Massive stacks of recycled trash inside Alpine Waste and Recycling towered behind Denver City Councilwoman Kendra Black as she posed a question nearly every coffee drinker has asked: What are we supposed to do with those paper cups?
Denver now has answer.
They can be recycled, the city announced Friday.
Friday’s announcement marked the first time since 2012, when milk cartons came aboard, that the city added a new recyclable product to its list, Pitt said.
Coffee cups became a hot issue when environmentalists installed tracking devices that showed paper cups were travelling from Starbucks recycling bins to the landfill. In fairness to Starbucks, signs on the bins said that paper cups couldn’t be recycled.
A poly-coated liner inside the cup, a material that keeps the coffee from breaking through the paper and splashing onto your lap, could not be recycled. To solve this problem, the city partnered with the Wisconsin-based company Sustana, which has the technology to strip the poly-coated lining so the rest of cup can be recycled.
It’s all part of a closed-loop system: Recycling enters the Alpine Waste and Recycling plant. It is then sent to Sustana, where the cups are smashed into a pulp before being shipped to paper mills for use around the country.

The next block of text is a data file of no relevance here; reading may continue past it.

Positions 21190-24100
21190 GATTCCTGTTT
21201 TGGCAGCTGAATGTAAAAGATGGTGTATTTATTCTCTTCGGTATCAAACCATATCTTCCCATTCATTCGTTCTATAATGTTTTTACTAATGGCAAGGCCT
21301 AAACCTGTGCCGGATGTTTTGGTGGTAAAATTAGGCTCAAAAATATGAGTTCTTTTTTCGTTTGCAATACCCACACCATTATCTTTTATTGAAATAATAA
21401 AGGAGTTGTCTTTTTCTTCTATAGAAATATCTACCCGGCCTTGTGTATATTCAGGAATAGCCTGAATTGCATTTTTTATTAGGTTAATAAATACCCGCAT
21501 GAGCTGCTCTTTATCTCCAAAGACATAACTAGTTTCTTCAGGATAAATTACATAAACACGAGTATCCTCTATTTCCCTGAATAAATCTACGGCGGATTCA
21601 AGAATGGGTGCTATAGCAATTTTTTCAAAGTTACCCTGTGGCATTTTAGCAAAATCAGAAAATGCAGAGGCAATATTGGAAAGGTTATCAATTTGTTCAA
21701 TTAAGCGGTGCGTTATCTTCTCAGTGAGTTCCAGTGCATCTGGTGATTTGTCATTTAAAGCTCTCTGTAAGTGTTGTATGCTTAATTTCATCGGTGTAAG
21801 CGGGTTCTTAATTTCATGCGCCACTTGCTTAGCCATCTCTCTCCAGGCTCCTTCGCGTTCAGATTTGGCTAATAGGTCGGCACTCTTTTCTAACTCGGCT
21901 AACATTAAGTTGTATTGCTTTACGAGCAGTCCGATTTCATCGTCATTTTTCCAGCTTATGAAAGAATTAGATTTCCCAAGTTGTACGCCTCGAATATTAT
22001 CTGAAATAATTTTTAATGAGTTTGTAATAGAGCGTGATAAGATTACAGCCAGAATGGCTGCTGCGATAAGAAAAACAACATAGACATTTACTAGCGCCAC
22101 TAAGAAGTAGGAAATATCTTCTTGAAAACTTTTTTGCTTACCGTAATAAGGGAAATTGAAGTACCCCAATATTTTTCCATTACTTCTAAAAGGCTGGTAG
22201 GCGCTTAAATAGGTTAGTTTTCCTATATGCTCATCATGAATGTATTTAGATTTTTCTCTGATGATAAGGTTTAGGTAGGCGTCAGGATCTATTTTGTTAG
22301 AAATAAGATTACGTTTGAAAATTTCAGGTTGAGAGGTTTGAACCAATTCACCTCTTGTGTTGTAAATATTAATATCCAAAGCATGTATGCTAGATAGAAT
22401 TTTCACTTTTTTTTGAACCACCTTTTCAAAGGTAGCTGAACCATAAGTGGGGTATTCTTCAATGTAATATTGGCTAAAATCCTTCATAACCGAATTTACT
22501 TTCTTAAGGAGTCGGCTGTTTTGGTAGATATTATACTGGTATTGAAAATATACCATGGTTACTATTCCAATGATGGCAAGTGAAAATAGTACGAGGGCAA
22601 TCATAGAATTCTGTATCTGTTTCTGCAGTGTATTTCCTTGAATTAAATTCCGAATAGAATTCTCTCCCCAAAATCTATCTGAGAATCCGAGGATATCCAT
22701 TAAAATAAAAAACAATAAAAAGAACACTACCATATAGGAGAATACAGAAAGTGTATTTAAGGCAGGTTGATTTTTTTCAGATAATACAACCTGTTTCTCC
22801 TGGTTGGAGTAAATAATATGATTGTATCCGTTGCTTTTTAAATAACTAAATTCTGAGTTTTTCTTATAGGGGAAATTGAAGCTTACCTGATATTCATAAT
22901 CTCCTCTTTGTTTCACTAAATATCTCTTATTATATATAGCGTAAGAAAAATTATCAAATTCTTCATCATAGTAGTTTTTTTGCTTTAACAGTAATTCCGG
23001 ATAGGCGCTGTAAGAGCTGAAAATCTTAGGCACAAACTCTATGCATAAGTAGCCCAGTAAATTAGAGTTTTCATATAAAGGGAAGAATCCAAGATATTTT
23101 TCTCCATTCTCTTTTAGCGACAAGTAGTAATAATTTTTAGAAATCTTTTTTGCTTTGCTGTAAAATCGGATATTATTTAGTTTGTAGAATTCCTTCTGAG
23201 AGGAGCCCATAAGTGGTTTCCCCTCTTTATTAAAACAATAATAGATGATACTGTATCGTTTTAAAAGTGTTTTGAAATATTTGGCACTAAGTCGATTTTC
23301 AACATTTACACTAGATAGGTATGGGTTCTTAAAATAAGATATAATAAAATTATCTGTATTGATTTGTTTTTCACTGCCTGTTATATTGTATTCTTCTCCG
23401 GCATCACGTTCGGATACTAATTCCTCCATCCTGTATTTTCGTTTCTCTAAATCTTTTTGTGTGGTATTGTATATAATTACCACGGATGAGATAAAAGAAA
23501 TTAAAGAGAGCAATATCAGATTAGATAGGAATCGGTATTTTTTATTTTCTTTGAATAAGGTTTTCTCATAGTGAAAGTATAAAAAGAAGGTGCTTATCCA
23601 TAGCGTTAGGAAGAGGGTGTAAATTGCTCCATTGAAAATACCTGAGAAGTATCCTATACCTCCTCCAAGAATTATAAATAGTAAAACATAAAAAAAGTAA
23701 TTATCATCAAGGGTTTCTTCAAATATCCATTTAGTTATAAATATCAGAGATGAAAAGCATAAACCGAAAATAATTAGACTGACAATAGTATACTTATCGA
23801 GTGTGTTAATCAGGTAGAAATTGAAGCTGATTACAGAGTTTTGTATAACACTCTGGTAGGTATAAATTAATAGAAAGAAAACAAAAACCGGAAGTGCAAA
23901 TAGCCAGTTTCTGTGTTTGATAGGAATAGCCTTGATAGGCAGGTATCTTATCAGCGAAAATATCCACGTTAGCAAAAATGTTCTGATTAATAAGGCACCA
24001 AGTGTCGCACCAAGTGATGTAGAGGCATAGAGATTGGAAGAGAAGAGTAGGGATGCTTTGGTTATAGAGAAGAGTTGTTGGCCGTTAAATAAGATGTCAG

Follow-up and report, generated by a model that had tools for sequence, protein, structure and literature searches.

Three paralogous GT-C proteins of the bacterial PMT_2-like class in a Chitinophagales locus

“The economic impact is huge,” said Mark Bond, sales manager for Sustana, said. “If you just throw something away, that’s one job. But if you recycle, that could be about 10 jobs.”
While recycling coffee cups will spare landfills, other utensils associated with on-the-go coffee still are headed to trash bins. Straws, sleeves, stirrers or anything else that comes with the coffee cannot be recycled.
Starbucks has promised $10 million toward developing a cup that can be recycled or composted. However, the company has not said whether it will take advantage of the new recycling option in Denver. The city doesn’t offer commercial recycling services, but its contractor Alpine Waste does.
Friday’s announcement is a step toward increasing Denver’s below-average recycling rate, and part of Mayor Michael Hancock’s 2020 Sustainability Goals — which include improvement targets on everything from water quality and greenhouse gasses to housing and recycling.
The city currently recycles 22 percent of its waste, Charlotte Pitt, manager of Denver’s solid waste management, said. The goal is to reach, and then exceed, the national average of 34 percent.
“From a recycling rate perspective, we have a lot of work to do,” Pitt said. “But we’re chipping away at it, one small piece at a time.”
The coffee cups make up only about 0.2 percent of Denver’s residential recycling stream, according to the city’s recycling contract.
A theme at Friday’s news conference centered on public education about what can and cannot be recycled. The council has allocated more money in next year’s budget for Pitt and her team to get the message out there, Black said.
“If you bag your recyclables, they’re just going to get brought to the landfill,” Black said. “Don’t do that!”
The city still faces challenges as it improves its recycling program.
Recycling is free, but voluntary. Residents must request bins. And they pay the same trash fee so there is little financial incentive to recycle. The city also doesn’t collect from apartments, condos and businesses.
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